It’s the classic love story.
Boy’s mother meets girl’s sister. Boy’s mother arranges meeting of boy and girl. Boy takes girl on a breakfast date with boy’s mother.
Well, maybe it’s not that typical.
English professor Richard Erable and French professor Kristin Wasielewski’s relationship had unusual beginnings.
“We were set up, basically,” Erable said.
“Yeah, like it’s the 21st century, right?” Wasielewski said.
Erable’s mother was on the same flight to Milwaukee as Wasielewski’s sister. The two began talking and realized their kin had something in common.
“They said, ‘Oh yeah, my sister knows some French. Oh, my son speaks French. Oh, maybe they can get together,’” Erable said.
Wasielewski laughed heartily as Erable told the story of their meeting, adding details and making comments.
“Tell her your impression as you were walking up at the airport,” she said.
“I see my mom waiting for me surrounded by five women, all different ages,” Erable said. “I’m like, ‘Who’d she bring with her? Does she think I’m desperate?’ My mom was not a social butterfly.”
“No, she was very reserved and very French in that you don’t really talk to strangers,” Wasielewski said.
When he got to Mitchell Airport, Erable was introduced to not only Wasielewski, but also her mother, aunt and two sisters.
“I’m like, ‘OK. Wow. Yeah. Hi. Nice to meet you,’” Erable said.
The two talked for a few moments as they walked out of the airport, then parted ways. The next day, Erable’s mother urged him to call Wasielewski.
“I said, ‘All right, but if I call her, you’re going to come with me. I’m sure she’s more interested in talking to you than to me,’” Erable said.
Sure enough, the next day the trio went to breakfast, where they ate and spoke French together.
“Technically, our first date was with my mom,” Erable said.
Four days later, after his mom had left Milwaukee, Erable called Wasielewski and gave her three options for a “normal date,” or as Wasielewski called it, an “un-chaperoned date:” going to see an experimental play in Milwaukee, attending a Monet exhibit at the Art Institute of Chicago or going apple picking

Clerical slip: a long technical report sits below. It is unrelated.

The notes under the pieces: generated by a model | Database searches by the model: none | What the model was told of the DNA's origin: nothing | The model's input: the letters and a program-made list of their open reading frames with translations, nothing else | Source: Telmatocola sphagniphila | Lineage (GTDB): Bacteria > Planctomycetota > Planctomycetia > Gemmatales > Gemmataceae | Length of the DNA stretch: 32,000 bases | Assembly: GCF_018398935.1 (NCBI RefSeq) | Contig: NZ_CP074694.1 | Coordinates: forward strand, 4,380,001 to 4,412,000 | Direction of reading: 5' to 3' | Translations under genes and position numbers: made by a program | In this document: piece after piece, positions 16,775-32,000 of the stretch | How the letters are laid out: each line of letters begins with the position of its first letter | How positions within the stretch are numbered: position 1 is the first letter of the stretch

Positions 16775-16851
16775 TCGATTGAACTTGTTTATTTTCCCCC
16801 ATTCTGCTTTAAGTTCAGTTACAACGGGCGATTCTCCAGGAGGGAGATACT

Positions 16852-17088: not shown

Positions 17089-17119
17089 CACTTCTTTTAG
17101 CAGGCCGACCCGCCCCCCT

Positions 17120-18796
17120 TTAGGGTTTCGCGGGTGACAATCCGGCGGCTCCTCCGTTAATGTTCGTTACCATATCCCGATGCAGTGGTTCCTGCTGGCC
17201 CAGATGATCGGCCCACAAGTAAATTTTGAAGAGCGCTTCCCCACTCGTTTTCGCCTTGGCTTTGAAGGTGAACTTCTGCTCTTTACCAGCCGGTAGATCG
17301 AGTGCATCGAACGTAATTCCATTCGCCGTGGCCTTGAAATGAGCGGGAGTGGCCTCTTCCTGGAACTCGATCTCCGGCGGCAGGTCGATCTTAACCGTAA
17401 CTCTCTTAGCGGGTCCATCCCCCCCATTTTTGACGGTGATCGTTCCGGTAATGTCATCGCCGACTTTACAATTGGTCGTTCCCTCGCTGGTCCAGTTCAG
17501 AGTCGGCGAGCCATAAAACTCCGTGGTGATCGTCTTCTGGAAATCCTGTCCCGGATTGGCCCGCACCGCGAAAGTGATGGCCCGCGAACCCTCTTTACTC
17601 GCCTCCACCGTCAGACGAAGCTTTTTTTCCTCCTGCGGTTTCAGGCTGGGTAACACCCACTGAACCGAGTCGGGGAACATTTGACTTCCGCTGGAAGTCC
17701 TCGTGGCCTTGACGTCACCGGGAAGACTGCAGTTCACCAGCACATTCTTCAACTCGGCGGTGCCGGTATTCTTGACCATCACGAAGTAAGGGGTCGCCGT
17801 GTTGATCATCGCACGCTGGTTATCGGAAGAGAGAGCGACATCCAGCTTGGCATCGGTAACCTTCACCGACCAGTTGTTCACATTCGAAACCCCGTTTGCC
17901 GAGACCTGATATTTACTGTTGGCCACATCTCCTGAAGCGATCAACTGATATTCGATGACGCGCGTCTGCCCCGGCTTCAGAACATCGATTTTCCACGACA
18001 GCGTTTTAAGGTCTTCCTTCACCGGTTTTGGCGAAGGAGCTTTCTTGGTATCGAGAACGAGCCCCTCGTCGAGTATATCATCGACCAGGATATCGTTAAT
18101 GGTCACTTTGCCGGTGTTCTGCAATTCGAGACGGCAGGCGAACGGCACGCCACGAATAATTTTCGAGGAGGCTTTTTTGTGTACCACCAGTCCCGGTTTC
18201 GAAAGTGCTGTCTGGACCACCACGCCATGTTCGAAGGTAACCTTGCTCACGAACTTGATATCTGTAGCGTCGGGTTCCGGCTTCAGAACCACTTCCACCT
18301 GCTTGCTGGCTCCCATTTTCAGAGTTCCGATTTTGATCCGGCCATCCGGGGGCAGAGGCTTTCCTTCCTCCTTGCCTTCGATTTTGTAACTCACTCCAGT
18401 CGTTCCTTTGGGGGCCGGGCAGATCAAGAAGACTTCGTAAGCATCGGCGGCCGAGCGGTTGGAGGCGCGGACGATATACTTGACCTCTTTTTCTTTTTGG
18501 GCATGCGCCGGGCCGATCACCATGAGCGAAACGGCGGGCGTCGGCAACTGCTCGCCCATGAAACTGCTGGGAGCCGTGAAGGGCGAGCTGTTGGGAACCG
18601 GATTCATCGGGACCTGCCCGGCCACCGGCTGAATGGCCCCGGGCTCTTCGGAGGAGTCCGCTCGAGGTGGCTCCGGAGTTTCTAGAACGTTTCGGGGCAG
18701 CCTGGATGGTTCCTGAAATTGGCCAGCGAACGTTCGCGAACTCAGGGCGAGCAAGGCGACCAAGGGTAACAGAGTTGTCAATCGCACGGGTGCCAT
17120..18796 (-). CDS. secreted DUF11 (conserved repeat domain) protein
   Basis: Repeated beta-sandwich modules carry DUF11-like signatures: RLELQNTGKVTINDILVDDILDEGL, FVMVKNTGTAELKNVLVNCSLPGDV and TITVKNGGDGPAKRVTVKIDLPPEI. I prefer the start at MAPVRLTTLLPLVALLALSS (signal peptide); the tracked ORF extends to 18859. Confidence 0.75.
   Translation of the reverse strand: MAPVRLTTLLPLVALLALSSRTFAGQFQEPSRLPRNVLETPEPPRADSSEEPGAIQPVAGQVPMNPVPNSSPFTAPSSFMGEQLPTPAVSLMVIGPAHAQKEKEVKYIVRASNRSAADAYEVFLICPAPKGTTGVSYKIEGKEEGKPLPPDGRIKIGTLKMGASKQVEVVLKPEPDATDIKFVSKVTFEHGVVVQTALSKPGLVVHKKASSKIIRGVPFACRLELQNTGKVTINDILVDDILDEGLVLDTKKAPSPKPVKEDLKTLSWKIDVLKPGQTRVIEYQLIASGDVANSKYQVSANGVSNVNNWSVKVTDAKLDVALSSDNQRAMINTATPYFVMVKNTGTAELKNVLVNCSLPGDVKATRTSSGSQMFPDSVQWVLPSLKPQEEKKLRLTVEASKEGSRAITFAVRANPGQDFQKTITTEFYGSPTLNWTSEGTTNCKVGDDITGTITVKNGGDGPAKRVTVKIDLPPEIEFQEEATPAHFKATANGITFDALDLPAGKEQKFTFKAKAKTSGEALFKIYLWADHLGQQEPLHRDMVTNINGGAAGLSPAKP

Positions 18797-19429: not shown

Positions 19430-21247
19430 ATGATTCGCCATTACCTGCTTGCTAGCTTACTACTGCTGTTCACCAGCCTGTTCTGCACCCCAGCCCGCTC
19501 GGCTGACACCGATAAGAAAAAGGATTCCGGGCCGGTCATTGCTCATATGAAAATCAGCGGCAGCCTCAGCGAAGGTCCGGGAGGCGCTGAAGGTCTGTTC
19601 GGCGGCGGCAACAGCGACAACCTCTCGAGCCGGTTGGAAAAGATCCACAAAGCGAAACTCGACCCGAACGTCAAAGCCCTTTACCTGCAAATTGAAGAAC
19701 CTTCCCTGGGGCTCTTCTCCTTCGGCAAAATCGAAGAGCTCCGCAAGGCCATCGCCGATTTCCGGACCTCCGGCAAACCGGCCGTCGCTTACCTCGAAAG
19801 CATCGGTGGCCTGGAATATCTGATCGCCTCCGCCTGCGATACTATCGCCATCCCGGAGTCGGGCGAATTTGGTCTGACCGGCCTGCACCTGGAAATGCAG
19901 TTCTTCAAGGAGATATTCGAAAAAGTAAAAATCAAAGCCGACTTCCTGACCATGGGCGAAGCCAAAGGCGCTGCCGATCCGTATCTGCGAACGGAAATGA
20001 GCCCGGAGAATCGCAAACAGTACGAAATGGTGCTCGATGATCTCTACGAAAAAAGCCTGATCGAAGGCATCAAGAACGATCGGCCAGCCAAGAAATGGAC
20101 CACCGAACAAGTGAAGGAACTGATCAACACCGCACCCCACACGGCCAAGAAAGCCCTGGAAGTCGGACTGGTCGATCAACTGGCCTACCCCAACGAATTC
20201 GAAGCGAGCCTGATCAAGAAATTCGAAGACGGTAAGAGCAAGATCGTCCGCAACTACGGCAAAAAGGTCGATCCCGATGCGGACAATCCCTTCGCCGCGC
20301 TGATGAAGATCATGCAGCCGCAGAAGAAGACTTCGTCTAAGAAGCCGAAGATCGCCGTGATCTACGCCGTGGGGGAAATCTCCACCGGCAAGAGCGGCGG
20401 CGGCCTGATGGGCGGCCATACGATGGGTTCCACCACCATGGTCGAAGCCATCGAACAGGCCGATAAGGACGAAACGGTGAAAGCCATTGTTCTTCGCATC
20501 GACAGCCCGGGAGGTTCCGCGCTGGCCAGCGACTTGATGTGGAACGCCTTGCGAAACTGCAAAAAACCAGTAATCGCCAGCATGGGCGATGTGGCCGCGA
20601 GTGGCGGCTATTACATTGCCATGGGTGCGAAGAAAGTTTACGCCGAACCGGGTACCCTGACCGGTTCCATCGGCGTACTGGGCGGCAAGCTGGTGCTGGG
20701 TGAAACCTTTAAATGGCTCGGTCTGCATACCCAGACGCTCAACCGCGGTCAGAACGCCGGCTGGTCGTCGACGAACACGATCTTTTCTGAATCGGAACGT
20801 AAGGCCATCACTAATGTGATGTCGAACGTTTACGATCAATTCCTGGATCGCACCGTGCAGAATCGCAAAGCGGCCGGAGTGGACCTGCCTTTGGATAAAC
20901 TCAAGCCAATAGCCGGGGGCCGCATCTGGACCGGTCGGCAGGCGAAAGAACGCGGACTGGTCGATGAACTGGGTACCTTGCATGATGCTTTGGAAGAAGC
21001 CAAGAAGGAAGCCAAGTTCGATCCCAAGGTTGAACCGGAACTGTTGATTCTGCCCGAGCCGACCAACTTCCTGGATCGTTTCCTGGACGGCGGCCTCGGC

“She picked apple picking,” Erable said.
“Of course,” she added.
The couple’s first official date consisted of a champagne lunch under apple trees in the orchard. Later, they went back to Erable’s apartment and baked apple pies.
All of this happened in 1995. Seven years later, the two married.
“I needed to make sure it would work,” Erable said, as Wasielewski laughed and shook her head.
One year after they married, Wasielewski joined Erable at Franklin College where he had been working for two years.
Now, Wasielewski said, their funniest stories and best memories come from the trips they take students on.
This past Winter Term, the pair took a group of 18 women to France. On this trip, Wasielewski had a wild goose chase with one student’s missing bag.
She tells the story actively, with passion. Her eyes get big as she explains her late night train trip to the north side of Paris, and her arms gesture enthusiastically as she describes how happy she was to finally get her hands on the bag after a five-hour excursion.
As she talks, Erable nods along fairly quietly, adding comments here and there, correcting mistaken details and finishing Wasielewski’s sentences.
After almost 15 years of marriage and 22 years of being together, the couple falls in an easy rhythm of speaking, almost as if they share the same thoughts.
Although they do share the same workplace, they rarely see each other during the day.
But they admit that they do take their work home with them.
“When we get home, most of what we talk about is Franklin College,” Erable said. “One of the really nice things is that we really like our work, so talking about it is not complaining about it all the time.”
Wasielewski said they always have positive things to share with each other every day.
“We love working together, talking about these courses and these trips,” she said. “I will take talking about the same subject a lot if that subject is something you’re really passionate about.”